What does "tinkling caravans" signify in Longfellow's "The Slave's Dream?"

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Ashley Kannan eNotes educator| Certified Educator

Longfellow's poem illuminates the condition of slavery as a shift from what was to what now is.  Longfellow uses the opening of the poem and ending of the poem to depict the harsh reality of slavery.  The exposition of the poem highlights these horrors as it shows the slave with "matted hair," a breast that was "bare," and toil embodied through the "ungathered rice."  

The slave escapes this reality through "slumber."  This enables his subjective condition to reveal itself. Longfellow depicts a life where the slave was once a king.  His regal presence is seen in details such as the movement of "the lordly Niger," "palm- trees" and a setting reflective of power.  The slave represented the pinnacle of power and control in his indigenous setting, realities opposite of the life he lives now.  It is enhanced when Longfellow describes the king able to hear "the tinkling caravans/ Descend the mountain-road." The "tinkling caravans" represent wealth and power, ornate decorations and processions that indicate a great deal of status.  The "tinkling caravans" is a sensory detail that Longfellow employs to conjure in the reader's mind the full extent of the life that the slave experienced.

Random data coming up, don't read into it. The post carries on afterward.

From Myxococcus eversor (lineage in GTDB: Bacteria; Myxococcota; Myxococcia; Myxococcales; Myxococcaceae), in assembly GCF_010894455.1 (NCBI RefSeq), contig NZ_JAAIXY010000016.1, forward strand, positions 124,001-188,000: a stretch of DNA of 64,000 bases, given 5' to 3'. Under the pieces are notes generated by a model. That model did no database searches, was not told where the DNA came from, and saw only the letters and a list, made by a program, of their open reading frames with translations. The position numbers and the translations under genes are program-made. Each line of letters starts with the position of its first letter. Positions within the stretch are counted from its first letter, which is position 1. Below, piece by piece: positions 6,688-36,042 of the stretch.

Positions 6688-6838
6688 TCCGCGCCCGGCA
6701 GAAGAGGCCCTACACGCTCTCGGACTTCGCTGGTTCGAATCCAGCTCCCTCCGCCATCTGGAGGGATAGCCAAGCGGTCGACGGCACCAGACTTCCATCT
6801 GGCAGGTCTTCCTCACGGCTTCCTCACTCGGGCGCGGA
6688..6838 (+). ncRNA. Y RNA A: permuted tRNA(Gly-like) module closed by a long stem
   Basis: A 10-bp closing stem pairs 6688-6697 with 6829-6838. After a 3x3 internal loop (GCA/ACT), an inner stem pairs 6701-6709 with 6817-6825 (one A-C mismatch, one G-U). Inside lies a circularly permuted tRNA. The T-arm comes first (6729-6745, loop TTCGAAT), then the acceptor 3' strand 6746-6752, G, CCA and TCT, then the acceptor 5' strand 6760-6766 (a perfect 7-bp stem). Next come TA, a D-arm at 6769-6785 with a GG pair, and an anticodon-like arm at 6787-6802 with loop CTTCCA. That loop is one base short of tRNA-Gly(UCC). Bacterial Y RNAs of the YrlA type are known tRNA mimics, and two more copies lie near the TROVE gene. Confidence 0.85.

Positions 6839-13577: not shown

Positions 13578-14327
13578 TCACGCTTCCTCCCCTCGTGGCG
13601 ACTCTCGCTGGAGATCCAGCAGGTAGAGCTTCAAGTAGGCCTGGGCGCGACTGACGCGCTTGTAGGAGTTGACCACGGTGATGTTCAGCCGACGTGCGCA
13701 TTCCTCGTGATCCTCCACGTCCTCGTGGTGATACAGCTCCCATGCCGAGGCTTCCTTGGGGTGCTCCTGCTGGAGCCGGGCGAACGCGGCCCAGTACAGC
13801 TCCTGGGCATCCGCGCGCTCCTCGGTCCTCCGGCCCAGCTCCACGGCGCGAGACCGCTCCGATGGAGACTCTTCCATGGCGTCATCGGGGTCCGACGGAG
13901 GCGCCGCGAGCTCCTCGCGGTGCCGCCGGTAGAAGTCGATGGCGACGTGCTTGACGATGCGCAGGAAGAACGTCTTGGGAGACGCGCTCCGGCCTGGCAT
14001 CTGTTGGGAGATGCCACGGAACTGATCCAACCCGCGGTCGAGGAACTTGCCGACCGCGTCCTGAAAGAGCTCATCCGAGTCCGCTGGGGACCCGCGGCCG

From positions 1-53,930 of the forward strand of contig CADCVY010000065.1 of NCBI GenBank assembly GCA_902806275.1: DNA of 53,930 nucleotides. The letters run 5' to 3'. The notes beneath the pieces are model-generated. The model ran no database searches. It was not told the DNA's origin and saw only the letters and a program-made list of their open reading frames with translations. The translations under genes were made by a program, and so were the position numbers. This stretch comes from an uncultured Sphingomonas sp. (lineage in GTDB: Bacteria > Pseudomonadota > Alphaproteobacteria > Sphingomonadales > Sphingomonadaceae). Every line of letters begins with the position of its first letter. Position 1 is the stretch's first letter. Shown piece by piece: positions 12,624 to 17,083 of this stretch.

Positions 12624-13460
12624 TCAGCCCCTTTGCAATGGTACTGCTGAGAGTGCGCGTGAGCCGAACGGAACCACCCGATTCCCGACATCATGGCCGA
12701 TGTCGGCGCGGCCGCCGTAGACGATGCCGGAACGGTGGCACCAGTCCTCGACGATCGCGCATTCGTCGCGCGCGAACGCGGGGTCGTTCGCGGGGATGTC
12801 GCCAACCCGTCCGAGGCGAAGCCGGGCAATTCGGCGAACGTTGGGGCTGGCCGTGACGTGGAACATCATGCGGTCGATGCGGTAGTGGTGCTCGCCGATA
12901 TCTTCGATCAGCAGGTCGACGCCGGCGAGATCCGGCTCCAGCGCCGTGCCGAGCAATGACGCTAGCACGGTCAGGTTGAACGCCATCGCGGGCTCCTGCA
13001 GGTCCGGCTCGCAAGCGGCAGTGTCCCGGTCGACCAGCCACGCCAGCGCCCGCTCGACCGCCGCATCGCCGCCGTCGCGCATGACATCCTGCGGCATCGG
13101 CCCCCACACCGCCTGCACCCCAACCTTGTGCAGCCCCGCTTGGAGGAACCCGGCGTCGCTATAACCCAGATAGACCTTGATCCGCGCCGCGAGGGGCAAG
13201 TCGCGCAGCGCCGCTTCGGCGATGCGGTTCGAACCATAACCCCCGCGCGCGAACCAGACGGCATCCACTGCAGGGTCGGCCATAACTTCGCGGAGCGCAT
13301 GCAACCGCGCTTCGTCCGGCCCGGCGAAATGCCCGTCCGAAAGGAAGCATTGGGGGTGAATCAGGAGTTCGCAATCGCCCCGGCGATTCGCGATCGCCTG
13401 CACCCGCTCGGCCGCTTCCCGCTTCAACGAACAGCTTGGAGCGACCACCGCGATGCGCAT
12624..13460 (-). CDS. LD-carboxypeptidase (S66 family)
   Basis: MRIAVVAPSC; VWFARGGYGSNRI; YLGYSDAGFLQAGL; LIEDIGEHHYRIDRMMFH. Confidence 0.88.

The "tinkling caravans" also represent a condition that is far from what the slave now experiences.  Longfellow uses the detail of the "tinkling caravans" to contrast the predicament of the slave. There was a point where the slave was once a king and heard sounds like the "lordly Niger" flowing and the "tinkling caravans" that were intrinsic to royalty and wealth.  The slave's "dark eyed queen" is another such example.  Yet, all of these sensory images are contrasted with the sounds and sights that is now experienced.  The "driver's whip,"  the timbre of overseers yelling at him, and "the burning heat of the day" are now the slave's realities.  The use of "tinkling caravans" helps to highlight the difference in reality that the slave experiences, from what was to what is. In employing such an image, Longfellow is able to evoke the cruelty of a narrative that has shifted from hope and prosperity to manipulation and cruelty.  

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The Slave's Dream

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